At the end of his bachelor’s programme at the University of Ibadan, Akin emerged the best student in the Theatre Arts department. He also pocketed the Faculty of Arts prize as well as the National Council of Arts and Culture Prize. “They even said I was entitled to some money, but up till tomorrow they never gave me the money for any of the prizes”, he says with a mild chuckle.
In Nigeria, Adesokan started out as a journalist, writing for such newspapers as The Guardian, Post Express, This Day as well as The News magazine. And indeed, his first novel was written while working as a correspondent for The News magazine. You wonder if he was able to successfully perform both tasks without injecting some fiction into his news reporting.
“I think both are different,” says he. “In journalism, you are writing on specific events. Things that happened. Like when Tai Solarin died, and I went to cover the burial. That was an event that happened. I followed an event and wrote on it. Then when I got home in the night, I went and sat behind my desk and started writing my fiction. So there was a transition. So when you write fiction, you are following ideas. You are creating things. In journalism, you have materials in front of you. Writing is basically an attempt to wrestle with language. And there are writers who have employed the method of journalism to write fiction.”
There’s one big advantage which he’s been able to derive from his stint as a journalist. “In journalism, the reporter works under a deadline. For me, that has been very helpful. I can set a deadline for myself and finish up under that deadline. Even when I was doing my PH.D, I was able to write under a deadline. There was a time when we used to say that journalism would weaken our prose. But with my experience, the discipline has been very helpful.”
For him, an interest in writing developed right from his early age, propelled by a chance reading of D.O. Fagunwa’s Yoruba classic, Ogboju Ode Ninu Igbo Irunmale. Hear Akin: “ My experience as a reader was unique. When I was in Primary two or three, at the age of seven, I picked up a copy of the book and started reading it. I started reading from when we went on break in school, at about 11 a.m., and I kept on reading it till I completed the book at about three in the morning. I couldn’t sleep till I had finished reading the entire book, and that took about 16 hours. From that moment, I started trying to write.”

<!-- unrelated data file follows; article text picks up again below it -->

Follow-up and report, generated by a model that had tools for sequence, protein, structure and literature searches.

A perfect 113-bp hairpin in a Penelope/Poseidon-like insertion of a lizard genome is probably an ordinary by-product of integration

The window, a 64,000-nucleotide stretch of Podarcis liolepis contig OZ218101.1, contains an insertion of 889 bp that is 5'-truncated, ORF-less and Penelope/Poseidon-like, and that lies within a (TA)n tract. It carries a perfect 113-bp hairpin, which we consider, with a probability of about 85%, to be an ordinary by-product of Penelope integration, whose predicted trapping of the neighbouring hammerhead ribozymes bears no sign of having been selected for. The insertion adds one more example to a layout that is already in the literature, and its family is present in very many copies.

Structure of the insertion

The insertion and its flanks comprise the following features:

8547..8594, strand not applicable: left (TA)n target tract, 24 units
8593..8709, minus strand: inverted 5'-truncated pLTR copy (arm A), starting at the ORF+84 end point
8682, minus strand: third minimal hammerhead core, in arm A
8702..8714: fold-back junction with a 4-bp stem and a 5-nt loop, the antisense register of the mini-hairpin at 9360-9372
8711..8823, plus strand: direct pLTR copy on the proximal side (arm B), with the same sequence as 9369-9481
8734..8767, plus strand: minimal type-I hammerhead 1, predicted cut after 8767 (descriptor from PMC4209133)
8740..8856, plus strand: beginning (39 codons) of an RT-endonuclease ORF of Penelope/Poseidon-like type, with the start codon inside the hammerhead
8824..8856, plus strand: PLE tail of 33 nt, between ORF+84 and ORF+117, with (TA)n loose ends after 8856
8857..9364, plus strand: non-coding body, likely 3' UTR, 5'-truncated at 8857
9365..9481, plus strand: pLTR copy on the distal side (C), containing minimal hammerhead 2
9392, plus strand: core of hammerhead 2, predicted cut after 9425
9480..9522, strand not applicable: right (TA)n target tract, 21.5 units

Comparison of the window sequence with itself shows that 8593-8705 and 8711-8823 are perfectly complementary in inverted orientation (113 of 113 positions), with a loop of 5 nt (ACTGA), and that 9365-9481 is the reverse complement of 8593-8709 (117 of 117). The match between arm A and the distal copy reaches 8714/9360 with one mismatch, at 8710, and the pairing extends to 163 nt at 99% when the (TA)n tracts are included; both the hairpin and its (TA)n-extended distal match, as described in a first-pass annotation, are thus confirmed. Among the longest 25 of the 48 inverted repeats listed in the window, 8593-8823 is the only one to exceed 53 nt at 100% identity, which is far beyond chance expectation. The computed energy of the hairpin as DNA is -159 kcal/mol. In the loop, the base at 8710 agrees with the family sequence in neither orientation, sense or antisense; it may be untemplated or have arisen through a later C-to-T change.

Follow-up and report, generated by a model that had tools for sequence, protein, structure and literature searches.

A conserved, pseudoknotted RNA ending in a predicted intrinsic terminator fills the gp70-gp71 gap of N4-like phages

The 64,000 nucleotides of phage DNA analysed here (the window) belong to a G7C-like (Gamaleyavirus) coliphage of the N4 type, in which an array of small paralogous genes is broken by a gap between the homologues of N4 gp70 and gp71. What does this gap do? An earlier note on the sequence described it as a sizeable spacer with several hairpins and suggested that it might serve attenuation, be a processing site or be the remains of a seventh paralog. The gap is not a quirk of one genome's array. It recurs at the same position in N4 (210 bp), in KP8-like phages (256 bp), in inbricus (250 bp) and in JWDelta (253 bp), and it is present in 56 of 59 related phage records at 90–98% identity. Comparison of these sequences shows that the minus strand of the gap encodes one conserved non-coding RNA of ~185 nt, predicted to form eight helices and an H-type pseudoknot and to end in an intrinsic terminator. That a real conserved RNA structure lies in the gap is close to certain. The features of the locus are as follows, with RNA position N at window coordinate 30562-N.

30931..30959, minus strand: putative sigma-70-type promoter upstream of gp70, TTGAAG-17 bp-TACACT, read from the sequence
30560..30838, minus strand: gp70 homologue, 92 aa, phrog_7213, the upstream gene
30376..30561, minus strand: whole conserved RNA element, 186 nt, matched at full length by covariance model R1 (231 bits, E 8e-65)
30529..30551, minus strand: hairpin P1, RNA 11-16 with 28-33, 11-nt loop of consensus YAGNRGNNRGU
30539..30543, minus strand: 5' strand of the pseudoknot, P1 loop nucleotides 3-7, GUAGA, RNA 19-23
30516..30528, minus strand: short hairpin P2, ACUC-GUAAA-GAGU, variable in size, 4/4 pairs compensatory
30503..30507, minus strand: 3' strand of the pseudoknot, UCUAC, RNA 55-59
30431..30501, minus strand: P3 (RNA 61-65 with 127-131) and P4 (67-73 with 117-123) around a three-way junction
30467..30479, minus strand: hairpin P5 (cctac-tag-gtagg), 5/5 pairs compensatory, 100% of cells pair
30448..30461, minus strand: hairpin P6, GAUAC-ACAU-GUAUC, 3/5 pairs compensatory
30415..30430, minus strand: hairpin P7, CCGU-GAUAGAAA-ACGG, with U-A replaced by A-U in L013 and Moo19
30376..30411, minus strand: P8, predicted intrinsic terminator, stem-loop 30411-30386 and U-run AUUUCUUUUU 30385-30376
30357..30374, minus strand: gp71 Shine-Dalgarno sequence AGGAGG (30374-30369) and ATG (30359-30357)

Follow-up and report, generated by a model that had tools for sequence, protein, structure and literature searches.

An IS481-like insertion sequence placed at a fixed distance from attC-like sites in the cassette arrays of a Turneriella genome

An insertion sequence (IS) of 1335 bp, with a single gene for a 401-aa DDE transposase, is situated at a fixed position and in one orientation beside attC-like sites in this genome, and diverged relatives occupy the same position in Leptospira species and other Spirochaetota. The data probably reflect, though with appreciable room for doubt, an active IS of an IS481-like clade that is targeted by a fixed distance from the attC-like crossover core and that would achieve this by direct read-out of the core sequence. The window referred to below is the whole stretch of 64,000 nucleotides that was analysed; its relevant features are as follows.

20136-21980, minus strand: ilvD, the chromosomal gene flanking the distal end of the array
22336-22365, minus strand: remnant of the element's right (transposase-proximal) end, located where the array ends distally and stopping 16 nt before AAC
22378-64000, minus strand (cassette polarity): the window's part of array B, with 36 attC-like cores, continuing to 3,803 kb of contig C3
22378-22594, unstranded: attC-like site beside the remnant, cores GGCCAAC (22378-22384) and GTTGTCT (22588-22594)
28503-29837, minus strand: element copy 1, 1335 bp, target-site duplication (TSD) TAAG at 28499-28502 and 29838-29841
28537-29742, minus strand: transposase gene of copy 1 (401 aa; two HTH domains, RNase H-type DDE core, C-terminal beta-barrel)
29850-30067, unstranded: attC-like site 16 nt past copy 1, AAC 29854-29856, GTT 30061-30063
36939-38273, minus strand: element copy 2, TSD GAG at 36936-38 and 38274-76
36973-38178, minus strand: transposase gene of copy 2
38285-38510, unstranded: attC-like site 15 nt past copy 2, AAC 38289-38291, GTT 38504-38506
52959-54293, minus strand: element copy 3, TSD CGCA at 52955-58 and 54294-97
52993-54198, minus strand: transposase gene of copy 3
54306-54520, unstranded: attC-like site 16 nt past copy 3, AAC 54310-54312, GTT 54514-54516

Right from then, the young boy read voraciously whatever book he could lay his hands on, from the Bible to books on literature, biology and indeed on any subject. Later, he started betraying a passion for literature. The fact that he lived in Lagos (Ajegunle) and Ibadan also provided him an easy access to newspapers and books. From Wale Adenuga’s Ikebe Super magazine to books by Wole Soyinka, Femi Osofisan, Ola Rotimi, Chinua Achebe, Adesokan read all and determined he was going to be a writer someday. His knowledge of literature in those early days, he recalls, usually fetched him a number of presents from his impressed and often stunned teachers. “I started school very early, so all my mates were older. I had no close friends since my classmates were older than me. So I had to rely on books for company”.
In his days as an undergraduate at the University of Ibadan, there were no writing classes or programmes. You could study Theatre Arts, English, or Communication Arts. Akin settled for the first but took classes in journalism and English. He became exposed to writers within and outside Nigeria and was able to interact with some of those seemingly mythical authors whose works he had fallen in love with. Names like Osofisan, Osundare, Mabel Segun, Bode Sowande, Odia Ofeimun metamorphosed from distant names into intellectuals that he could relate to. “Writers like Osofisan and Osundare encouraged me to do the work”, he recalls. “My relationship with them was decisive. They lent me books, and I drew inspiration from their works.”